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nondeterminism

nondeterminism A mode of computation in which, at certain points, there is a choice of ways to proceed: the computation may be thought of as choosing arbitrarily between them, or as splitting into separate copies and pursuing all choices simultaneously. The precise form of nondeterminism depends on the particular model of computation.

For example, a nondeterministic Turing machine will have a choice of moves to make for a given internal state and tape symbol being read. After a choice has been made, other choice-points will be encountered. There is therefore a tree whose paths are all possible different computations, and whose nonterminal nodes represent choice-points. If, for example, the algorithm performs some kind of “search”, then the search succeeds if at least one sequence of choices (path through the tree) is successful.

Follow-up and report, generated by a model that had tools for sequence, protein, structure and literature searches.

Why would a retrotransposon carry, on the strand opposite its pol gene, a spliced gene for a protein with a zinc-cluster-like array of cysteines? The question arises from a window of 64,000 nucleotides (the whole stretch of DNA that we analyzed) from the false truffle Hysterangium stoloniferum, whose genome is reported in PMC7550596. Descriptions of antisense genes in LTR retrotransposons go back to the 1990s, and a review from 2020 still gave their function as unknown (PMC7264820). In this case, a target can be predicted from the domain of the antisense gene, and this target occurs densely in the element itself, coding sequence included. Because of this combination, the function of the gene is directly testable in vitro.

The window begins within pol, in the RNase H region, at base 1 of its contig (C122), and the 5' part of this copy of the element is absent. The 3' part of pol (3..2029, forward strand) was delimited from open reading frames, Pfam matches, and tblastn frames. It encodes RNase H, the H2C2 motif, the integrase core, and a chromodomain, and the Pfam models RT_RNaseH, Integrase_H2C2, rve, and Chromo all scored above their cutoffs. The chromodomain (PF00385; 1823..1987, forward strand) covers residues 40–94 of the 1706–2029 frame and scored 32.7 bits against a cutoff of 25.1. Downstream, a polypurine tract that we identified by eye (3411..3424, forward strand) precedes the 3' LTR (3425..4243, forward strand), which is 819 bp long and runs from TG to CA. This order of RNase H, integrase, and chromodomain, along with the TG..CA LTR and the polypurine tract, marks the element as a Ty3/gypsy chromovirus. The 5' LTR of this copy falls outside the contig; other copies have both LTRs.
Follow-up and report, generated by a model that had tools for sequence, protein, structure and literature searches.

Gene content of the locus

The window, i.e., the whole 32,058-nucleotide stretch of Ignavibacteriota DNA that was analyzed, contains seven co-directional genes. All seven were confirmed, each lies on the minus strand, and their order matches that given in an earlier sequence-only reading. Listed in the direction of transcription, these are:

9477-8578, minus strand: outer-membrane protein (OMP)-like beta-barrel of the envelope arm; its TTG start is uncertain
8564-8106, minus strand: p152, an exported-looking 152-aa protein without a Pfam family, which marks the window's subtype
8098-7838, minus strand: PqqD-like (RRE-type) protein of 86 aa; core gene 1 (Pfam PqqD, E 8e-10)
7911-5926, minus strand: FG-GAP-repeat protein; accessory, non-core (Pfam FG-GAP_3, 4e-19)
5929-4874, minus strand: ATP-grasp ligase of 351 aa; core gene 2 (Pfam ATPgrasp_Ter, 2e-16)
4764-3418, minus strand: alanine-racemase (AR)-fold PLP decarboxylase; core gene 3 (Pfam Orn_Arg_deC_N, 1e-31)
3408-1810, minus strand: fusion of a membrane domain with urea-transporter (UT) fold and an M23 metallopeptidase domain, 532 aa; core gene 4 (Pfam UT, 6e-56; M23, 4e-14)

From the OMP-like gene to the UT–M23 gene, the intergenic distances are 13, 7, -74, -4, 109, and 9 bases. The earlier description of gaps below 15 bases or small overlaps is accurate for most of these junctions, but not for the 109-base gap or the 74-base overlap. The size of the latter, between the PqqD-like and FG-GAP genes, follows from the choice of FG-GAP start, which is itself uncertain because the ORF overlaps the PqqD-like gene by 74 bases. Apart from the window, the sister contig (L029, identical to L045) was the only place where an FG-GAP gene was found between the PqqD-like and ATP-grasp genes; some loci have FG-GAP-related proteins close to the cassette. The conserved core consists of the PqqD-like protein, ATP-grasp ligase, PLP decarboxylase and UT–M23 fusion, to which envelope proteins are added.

Nondeterministic constructs in programming languages can offer a choice of control, e.g. do S1 or S2 od

or a choice of data, e.g. y := ? and y := x.R(x);

These latter select a value for y randomly and such that it satisfies test R. Many algorithms are expressed most conveniently using such constructs; nondeterminism also arises naturally in connection with interleaving and concurrency.

Nondeterminism is important in the field of complexity: it is believed that a nondeterministic Turing machine is capable of performing in “reasonable time” computations that could not be so performed by any deterministic Turing machine (see P=NP question).

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